Dear friends! We ask you to take with us a heavy burden of prayer for our country, Ukraine and our family. As you may know from watching the news, for the last three months our country was struggling from protests and violent clashes between police forces and protesters who tried to overpower corrupt pro-Russian government in the country. There are more then a hundred people killed and tortured, thousands are wounded already. After the former president of Ukraine fled to Russia, the president of Russia, Vladimir Putin, commanded its military forces to invade Crimea (Southern Ukraine), and now there is a serious threat that they will advance into all Eastern part of Ukraine where we live. People are frightened. Economy is staggering. If the conflict escalates on the international level it may even grow into a WWIII. We ask you to think that suddenly some else’s war may very soon consume all of the world. Please, ask your church, your friends and families to pray for safety of our family, for the peace in Ukraine, and for the peace to all of civilized humanity. We do not want our children to see the war in there homeland! Please, do not stand aside.

frame_ext1-300x168[1]DECLARATION OF THE UKRAINIAN CHURCHES AND RELIGIOUS ORGANIZATIONS ABOUT THE FOREIGN AGGRESSION

Who’s in charge of Ukraine?

  • Russia’s take: Viktor Yanukovych remains Ukraine’s elected leader, and Ukraine’s new government is illegitimate. Russian United Nations envoy Vitaly Churkin called it an “armed takeover by radical extremists.”
  • Ukraine’s take: Ukraine has a legitimate government and is set to have new presidential elections on May 25. “Let’s give an opportunity for that to work,” Ukrainian Ambassador to the U.N. Yuriy Sergeyev said.
  • United States’ take: Yanukovych abandoned his post last month, fled the country and was then voted out of office by Ukraine’s democratically elected parliament.

How many Russian troops are inside Ukraine?

  • Russia’s take: Russia hasn’t said how many troops it’s sent into Ukraine.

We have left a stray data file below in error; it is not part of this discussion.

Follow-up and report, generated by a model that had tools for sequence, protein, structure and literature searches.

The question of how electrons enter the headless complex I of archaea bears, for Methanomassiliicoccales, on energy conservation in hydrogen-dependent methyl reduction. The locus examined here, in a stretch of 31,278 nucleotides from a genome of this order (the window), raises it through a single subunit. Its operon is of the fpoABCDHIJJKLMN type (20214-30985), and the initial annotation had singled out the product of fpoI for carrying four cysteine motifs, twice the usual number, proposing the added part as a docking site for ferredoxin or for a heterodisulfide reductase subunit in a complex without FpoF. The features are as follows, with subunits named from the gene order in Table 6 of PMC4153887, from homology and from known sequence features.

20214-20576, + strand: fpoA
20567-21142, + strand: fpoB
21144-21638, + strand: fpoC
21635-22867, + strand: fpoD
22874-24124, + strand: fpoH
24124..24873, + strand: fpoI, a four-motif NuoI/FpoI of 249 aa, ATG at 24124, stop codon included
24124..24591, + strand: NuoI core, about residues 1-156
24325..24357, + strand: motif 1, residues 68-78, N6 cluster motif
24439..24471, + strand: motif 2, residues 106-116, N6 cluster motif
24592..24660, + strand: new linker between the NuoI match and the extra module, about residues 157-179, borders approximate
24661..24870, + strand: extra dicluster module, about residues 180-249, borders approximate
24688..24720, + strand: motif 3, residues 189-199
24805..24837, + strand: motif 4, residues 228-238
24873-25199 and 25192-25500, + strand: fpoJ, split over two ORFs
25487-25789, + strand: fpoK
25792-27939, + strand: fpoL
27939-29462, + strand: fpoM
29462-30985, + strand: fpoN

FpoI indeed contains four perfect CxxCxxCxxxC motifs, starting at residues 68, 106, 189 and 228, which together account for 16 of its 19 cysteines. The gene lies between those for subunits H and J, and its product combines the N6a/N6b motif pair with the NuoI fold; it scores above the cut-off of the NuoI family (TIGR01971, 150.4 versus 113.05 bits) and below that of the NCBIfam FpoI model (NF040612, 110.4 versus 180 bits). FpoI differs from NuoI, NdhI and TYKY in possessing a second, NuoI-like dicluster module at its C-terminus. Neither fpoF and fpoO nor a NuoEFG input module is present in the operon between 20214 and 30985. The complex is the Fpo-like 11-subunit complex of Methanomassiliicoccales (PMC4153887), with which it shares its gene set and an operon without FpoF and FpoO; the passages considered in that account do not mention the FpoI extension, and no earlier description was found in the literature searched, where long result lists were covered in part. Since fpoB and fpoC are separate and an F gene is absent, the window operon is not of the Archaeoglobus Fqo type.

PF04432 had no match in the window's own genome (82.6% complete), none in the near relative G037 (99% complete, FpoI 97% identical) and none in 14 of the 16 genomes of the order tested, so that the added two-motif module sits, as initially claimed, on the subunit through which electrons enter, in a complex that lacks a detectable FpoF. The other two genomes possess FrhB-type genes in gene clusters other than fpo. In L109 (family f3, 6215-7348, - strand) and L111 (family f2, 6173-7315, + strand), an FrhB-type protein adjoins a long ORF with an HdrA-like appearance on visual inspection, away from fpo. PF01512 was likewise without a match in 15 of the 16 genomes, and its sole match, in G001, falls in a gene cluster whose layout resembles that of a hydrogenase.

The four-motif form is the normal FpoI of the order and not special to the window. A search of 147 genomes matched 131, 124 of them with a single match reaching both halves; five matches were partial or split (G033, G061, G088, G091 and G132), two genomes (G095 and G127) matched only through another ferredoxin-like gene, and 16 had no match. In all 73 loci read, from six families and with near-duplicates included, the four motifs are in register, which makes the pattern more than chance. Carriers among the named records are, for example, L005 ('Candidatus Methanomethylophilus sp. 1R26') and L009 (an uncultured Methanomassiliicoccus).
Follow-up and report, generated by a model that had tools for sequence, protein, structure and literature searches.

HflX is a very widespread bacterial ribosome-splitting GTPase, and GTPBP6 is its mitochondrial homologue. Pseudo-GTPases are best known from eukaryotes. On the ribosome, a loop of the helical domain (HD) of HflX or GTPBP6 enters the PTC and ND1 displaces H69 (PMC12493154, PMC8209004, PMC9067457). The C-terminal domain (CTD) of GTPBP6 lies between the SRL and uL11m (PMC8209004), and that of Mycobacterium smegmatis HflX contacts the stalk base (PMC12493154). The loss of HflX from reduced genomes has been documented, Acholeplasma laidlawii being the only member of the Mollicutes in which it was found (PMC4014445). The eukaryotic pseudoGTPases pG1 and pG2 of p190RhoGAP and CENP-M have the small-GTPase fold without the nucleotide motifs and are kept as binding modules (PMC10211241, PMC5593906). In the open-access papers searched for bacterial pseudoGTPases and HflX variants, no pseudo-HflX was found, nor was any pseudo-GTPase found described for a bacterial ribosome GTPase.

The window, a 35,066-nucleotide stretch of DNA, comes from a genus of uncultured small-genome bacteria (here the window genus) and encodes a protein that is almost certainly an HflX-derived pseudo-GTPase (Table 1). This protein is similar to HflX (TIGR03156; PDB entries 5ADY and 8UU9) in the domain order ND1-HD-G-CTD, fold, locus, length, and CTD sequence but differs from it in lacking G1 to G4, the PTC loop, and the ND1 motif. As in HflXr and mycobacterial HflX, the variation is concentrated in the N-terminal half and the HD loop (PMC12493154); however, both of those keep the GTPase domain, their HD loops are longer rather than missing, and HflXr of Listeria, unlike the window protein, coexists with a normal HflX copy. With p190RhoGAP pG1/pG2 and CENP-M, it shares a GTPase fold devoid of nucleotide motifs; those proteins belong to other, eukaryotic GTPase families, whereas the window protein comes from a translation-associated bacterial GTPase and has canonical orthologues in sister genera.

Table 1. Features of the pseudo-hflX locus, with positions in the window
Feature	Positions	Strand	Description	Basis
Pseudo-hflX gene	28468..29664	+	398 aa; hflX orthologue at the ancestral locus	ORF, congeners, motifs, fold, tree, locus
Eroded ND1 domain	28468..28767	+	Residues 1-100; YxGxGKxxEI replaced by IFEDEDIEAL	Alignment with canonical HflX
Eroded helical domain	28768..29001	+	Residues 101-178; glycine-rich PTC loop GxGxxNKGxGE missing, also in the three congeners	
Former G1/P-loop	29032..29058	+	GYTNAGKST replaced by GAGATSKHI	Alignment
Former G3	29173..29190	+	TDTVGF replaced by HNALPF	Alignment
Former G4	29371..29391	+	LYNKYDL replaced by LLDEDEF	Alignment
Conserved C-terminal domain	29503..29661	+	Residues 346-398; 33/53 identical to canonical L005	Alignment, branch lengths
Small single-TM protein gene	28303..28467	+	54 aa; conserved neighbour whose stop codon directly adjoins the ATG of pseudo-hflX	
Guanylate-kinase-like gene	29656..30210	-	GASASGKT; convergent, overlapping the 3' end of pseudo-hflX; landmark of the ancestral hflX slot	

• Ukraine’s take: Russia has sent military ships, helicopters and cargo planes to deploy 16,000 troops into Crimea since February 24, Sergeyev told the United Nations on Monday.
  • United States’ take: Russian forces “have complete operational control of the Crimean peninsula,” a senior U.S. administration official told CNN on Sunday, with estimates of 6,000 Russian ground and naval forces in the region

Do Russian troops have a right to be in Crimea?

  • Russia’s take: Yes. A treaty between the neighboring nations allows Russia to have up to 25,000 troops in Crimea, Russia’s U.N. envoy said Monday, adding that Yanukovych requested that Russia send military forces.
  • Ukraine’s take: No. Russian troops amassing in Crimea and near the border with Ukraine are an “act of aggression.”
  • United States’ take: No, and Russian President Vladimir Putin is playing a dangerous game. The consequences of military action “could be devastating,” U.S. Ambassador to the U.N. Samantha Power said Monday.

Why is the tense standoff unfolding now?

  • Russia’s take: Russia has said its parliament approved Putin’s use of military force to protect Russian citizens in the Crimean peninsula.
  • Ukraine’s take: There’s no evidence of any threat to Russians inside Ukraine. Russia wants to annex Crimea.
  • United States’ take: Russia is responding to its own historic sensitivities about Ukraine, Crimea and their place in Moscow’s sphere of influence, a senior White House official told CNN Monday. Russia fears that Ukraine is falling under European or Western influence, the official said.

Leadership Crisis in Bulgaria

March 5, 2013 by  
Filed under Featured, News

peopleAs Bulgaria is celebrating its Liberation Day on March 3rd, protests are still going on in most major Bulgarian cities. Neither the resignation of the Prime Minister and the leading party from the government amidst deepening economics crises, nor the appointment of a new patriarch to the Orthodox Church was able to calm the crowds who have been out in the streets for weeks now. General government elections are scheduled for May 12, 2013 while the President is working with parliament on forming an interim government.

After the last election some four years ago, political analysts working closely with our ministerial team warned that if newly elected government continues to use the same local level (city, municipality) political paradigms to run the country as a member of the European Union, crises will be inevitable.  This was obvious even to the social concern grassroots including our chaplaincy program and para-church ministries.

Two years later, as half of the parliamentarian term has passed, we further advised in “Election’s Perspectives for Bulgaria” that as Bulgaria’s Prime Minister elect did not take the much expected place as a presidential candidate, his political strategy has been strongly criticized by his opponents as inadequate and insufficient to answer Bulgaria’s current crises. Amidst the global economic collapse, it was reasonable to suggest that similar socioeconomic shifts will not be long before appearing in Bulgaria.